The owner of Dominick's Finer Foods announced Thursday the company plans to leave Chicago by early next year.
Safeway Inc., which operates 72 Dominick's stores in the Chicago market, said in its Third Quarter 2013 report that the move comes after poor performance from locations in the area.
Dominick's incurred losses before income taxes of $13.7 million in the third quarter of 2013 and $35.2 million in the first 36 weeks of 2013, the company said.
Company officials said four stores have been sold to New Albertsons, Inc., which operates Jewel-Osco grocery stores.
The sold stores include:
- 1340 S. Canal Street, Chicago, IL
- 2550 N. Clybourn Avenue, Chicago, IL
- 14200 S. Bell Road (at 143rd), Homer Glen, IL
- 1340 Patriot Boulevard, Glenview, IL
Officials say during the transition period, the stores will continue to operate under the Dominick's banner until Jewel-Osco can complete their conversion to Jewel-Osco stores.
As many current employees as possible will be transitioned into the new Jewel stores, officials said.
The company said in a statement that exiting the market will result in a cash tax benefit of $400 million to $450 million. Safeway plans to use that money, plus proceeds from the disposal of Dominick's properties, to "buy back stock and invest in growth opportunities."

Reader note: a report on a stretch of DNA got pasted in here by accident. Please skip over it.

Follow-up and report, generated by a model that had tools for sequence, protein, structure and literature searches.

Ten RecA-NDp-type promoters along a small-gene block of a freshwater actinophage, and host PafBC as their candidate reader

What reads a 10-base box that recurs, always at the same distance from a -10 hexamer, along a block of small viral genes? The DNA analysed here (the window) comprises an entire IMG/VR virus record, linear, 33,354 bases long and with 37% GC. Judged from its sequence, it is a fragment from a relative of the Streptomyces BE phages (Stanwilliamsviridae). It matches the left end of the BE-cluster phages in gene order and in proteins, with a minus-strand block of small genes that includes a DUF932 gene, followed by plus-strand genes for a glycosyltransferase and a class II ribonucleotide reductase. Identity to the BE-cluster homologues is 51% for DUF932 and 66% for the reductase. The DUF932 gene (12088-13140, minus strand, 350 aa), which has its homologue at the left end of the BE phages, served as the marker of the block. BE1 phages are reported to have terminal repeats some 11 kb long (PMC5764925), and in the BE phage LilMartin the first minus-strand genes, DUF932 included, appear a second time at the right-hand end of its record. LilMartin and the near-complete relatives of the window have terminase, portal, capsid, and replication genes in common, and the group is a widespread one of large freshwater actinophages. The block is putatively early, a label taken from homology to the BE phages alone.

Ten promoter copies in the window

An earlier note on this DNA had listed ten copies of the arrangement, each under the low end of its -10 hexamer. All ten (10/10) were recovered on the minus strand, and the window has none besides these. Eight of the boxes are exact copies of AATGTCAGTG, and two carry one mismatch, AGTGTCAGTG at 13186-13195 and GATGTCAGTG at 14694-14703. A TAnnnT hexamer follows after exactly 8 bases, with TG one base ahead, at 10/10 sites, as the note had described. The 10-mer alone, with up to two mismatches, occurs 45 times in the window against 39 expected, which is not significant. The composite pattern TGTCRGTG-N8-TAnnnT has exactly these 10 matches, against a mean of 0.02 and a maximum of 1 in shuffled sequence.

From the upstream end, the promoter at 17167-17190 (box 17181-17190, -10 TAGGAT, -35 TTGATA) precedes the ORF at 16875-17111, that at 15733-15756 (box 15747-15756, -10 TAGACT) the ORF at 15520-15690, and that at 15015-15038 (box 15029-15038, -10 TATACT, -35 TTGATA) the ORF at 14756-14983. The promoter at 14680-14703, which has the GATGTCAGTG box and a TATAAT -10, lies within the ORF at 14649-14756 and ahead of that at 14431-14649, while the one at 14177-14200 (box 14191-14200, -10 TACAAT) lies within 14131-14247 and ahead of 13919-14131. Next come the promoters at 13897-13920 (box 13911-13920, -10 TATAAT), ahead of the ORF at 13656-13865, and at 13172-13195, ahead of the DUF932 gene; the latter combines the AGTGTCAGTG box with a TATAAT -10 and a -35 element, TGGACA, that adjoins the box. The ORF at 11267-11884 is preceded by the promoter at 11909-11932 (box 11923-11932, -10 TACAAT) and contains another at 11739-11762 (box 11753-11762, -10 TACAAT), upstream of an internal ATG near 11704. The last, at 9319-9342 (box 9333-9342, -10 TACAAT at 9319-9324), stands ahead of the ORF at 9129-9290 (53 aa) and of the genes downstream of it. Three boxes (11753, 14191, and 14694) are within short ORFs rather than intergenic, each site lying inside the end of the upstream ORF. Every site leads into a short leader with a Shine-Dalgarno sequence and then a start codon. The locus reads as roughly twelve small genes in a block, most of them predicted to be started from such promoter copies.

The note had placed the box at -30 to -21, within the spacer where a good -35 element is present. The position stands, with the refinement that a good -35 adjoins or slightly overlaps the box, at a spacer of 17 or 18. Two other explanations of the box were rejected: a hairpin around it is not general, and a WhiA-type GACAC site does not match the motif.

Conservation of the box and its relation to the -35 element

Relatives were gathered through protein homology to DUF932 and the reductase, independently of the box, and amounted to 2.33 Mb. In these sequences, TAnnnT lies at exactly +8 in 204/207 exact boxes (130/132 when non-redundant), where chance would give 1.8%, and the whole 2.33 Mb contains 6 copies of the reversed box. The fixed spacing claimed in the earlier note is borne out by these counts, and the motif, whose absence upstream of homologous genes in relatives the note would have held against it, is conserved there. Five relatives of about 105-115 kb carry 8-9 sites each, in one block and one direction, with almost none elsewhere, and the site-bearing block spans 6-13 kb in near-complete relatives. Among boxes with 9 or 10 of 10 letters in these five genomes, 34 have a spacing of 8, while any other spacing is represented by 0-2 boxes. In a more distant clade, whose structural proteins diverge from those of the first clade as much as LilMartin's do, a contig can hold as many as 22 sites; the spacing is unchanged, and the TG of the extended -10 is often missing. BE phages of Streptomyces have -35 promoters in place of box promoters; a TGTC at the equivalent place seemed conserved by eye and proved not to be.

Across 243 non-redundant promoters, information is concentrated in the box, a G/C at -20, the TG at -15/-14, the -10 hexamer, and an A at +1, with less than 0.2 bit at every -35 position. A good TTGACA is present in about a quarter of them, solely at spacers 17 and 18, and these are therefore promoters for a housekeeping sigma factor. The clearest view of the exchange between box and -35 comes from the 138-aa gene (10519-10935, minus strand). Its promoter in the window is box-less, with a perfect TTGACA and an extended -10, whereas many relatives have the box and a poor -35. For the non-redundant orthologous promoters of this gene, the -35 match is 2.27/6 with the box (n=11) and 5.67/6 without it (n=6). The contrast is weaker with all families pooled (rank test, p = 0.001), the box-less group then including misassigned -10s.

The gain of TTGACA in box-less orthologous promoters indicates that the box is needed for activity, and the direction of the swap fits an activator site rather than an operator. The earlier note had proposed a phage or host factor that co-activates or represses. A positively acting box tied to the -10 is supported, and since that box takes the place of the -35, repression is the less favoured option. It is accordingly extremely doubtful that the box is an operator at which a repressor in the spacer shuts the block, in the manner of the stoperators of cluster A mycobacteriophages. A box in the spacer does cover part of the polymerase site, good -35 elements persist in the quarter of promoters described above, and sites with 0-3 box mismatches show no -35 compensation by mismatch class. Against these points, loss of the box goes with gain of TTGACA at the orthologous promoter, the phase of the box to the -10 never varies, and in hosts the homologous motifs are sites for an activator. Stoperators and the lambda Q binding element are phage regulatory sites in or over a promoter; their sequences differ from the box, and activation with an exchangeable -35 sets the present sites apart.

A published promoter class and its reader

"The decision to sell Canada Safeway and to exit the Chicago market is consistent with Safeway's priority of maximizing shareholder value," President and CEO Robert Edwards said. "These actions will allow us to focus on improving and strengthening our core grocery business."
It's not clear when all of the Chicago stores will close. Safeway said it wants to exit the market by early 2014.
The announcement comes on the same week that Mariano’s opens its new store in the South Loop.
Bob Mariano, who runs the Mariano’s Fresh Markets, started at the Dominicks deli counter as a high school student. Many years later he became president of the chain. He left when Safeway bought the chain.
The bad blood between Mariano and Safeway is well documented in business journals.
In a profile in the Chicago Tribune earlier this year, Mariano said he was focused on training employees to make a dent in the divided grocery market.
In the late 1990s, Dominicks had 130 stores in the Chicago area.